Categorizing and naming heat waves

Arsht Rock’s initiative to categorize and name heat waves aims to increase awareness of heat’s health risks and galvanize effective responses from citizens and governments to protect lives and livelihoods.

Categorizing and naming heat waves

Heat waves have been dubbed “the silent killer” the dangers they pose wreak havoc that is largely unseen, and awareness of the human and economic devastation caused by heat waves is profoundly insufficient.

To combat extreme heat and its impact on lives and livelihoods, Arsht-Rock is piloting initiatives to categorize heat waves based on their effect on human health and to name them, much like how hurricanes, tornadoes, and winter storms are named and categorized across the world.

Because the health risks of heat waves are more severe than any other natural disaster and increasingly common, Arsht-Rock is developing innovative, location-specific warning and categorization systems that are centered on human health outcomes.

The benefits of categorizing and naming heat waves include:

  • Understanding the risks local residents face, and delivering the protection they deserve.
  • Enabling local officials to implement effective and appropriate heat risk reducing interventions
  • Improving cities’ emergency and disaster response planning.

Why is Arsht-Rock categorizing and naming heat waves?

Today, extreme heat kills up to half a million people a year worldwide. Many of these deaths are preventable with appropriate preparation and action during heat waves. Most warning systems today rely solely on weather conditions to call heat warnings. Research shows, however, that also considering the health impacts of dangerous weather, categorizing the severity of weather events, and naming the worst events increases the likelihood that people will take the actions necessary to prepare and protect themselves. For this reason, many natural disasters are already categorized and named, including hurricanes, typhoons, and tornadoes. We should be doing the same for heat, the deadliest natural disaster we face.

Improving public awareness

Stories of elderly individuals—particularly those with underlying health conditions—dying during seemingly harmless activities, like gardening, illustrate that just being outdoors can be dangerous during heat waves.   Recent research finds that younger people are susceptible to heat-related illness as well—no one is safe in the heat. In August 2021, a young couple hiking in California died on the trail amid triple-digit temperatures, making headlines and underscoring the central contradiction: people do not perceive themselves to be at risk, even during life-threatening conditions. This is supported by focus group research that finds that people tend to think of others as vulnerable, but not themselves.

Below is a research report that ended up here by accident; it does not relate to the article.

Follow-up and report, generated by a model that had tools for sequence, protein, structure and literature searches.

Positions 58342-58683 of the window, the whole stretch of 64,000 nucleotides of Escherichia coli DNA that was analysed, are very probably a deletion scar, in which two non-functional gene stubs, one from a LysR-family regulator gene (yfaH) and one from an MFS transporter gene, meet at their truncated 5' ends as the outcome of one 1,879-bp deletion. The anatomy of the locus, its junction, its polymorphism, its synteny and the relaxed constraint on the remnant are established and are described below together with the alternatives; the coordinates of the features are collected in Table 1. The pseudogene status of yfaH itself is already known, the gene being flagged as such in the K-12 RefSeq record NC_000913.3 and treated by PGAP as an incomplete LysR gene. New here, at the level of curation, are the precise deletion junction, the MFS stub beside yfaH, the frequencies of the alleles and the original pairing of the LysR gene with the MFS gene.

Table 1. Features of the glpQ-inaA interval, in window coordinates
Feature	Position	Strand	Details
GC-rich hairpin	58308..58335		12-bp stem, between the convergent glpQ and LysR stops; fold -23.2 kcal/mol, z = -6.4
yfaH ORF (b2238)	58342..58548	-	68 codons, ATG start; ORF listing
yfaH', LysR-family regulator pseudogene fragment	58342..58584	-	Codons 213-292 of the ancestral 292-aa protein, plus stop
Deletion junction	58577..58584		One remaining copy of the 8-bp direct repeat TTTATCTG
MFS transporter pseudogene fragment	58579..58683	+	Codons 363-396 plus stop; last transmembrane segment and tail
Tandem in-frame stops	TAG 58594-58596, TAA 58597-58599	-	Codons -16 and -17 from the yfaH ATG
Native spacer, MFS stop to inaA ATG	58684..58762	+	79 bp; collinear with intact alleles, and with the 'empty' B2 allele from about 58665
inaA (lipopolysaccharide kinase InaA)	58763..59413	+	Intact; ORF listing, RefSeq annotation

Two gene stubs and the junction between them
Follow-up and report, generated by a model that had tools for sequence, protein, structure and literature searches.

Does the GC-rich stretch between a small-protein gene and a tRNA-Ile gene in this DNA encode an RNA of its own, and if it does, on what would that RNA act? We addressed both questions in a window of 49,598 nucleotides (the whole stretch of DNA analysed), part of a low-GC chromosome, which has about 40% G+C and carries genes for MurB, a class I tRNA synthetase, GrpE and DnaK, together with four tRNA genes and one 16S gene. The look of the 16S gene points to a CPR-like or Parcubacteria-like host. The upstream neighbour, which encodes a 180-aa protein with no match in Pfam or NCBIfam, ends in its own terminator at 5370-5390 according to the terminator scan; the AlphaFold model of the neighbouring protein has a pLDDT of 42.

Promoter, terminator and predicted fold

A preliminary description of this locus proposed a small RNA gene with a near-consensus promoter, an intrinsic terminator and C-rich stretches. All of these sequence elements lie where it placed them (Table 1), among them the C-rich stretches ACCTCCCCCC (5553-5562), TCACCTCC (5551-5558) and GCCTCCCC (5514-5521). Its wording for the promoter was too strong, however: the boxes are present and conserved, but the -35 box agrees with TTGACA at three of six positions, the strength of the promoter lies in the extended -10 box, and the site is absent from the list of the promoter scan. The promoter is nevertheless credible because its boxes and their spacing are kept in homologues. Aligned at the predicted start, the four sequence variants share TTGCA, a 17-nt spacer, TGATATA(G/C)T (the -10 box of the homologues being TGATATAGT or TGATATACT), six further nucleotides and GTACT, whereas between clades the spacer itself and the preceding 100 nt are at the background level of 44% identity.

Cities can create public awareness campaigns to better communicate the dangers of extreme heat, as well as the resources available for individuals to protect themselves.

Understanding the risks local residents face

The Arsht-Rock approach is data-driven and locally unique. Arsht-Rock and local partners tailor the categorization system to individual cities and counties by analyzing decades of local meteorological and health data. Arsht-Rock’s approach accounts for location-specific variations in population demographics, the built environment, average seasonal temperatures, and heat wave duration and acclimatization, thereby uncovering the full, local impact of heat waves on mortality.

Enabling local officials to implement heat-risk interventions

When heat waves are ranked as high-risk, they are expected to be associated with large numbers of heat-related injuries. Categorizing and naming heat waves will enable local officials to implement heat-risk interventions and policies, such as opening air-conditioned shelters, activating a heat action plan, or adding extra staff to emergency rooms. 

In parallel, categorizing and naming heat waves can also serve as an integral component of a city’s emergency and disaster response planning.

How we are categorizing and naming heat waves

Arsht Rock and its team of experts analyze historic, locally-specific weather conditions and daily health and mortality data to develop unique algorithms that allow jurisdictions to estimate the human health outcomes of forecasted weather conditions. This local, historical analysis also allows us to categorize the severity of forecasted heat waves, thus giving officials an opportunity to provide the most effective, appropriate, and actionable recommendations to their citizens. Some jurisdictions may also choose to name the most severe heat waves to further underscore the need for preparedness and response. In parallel, Arsht Rock is developing recommendations to effectively message heat wave warnings and steps people can take to protect themselves.

Cities piloting heat wave categorizing and naming

Seville, Spain

Athens, Greece

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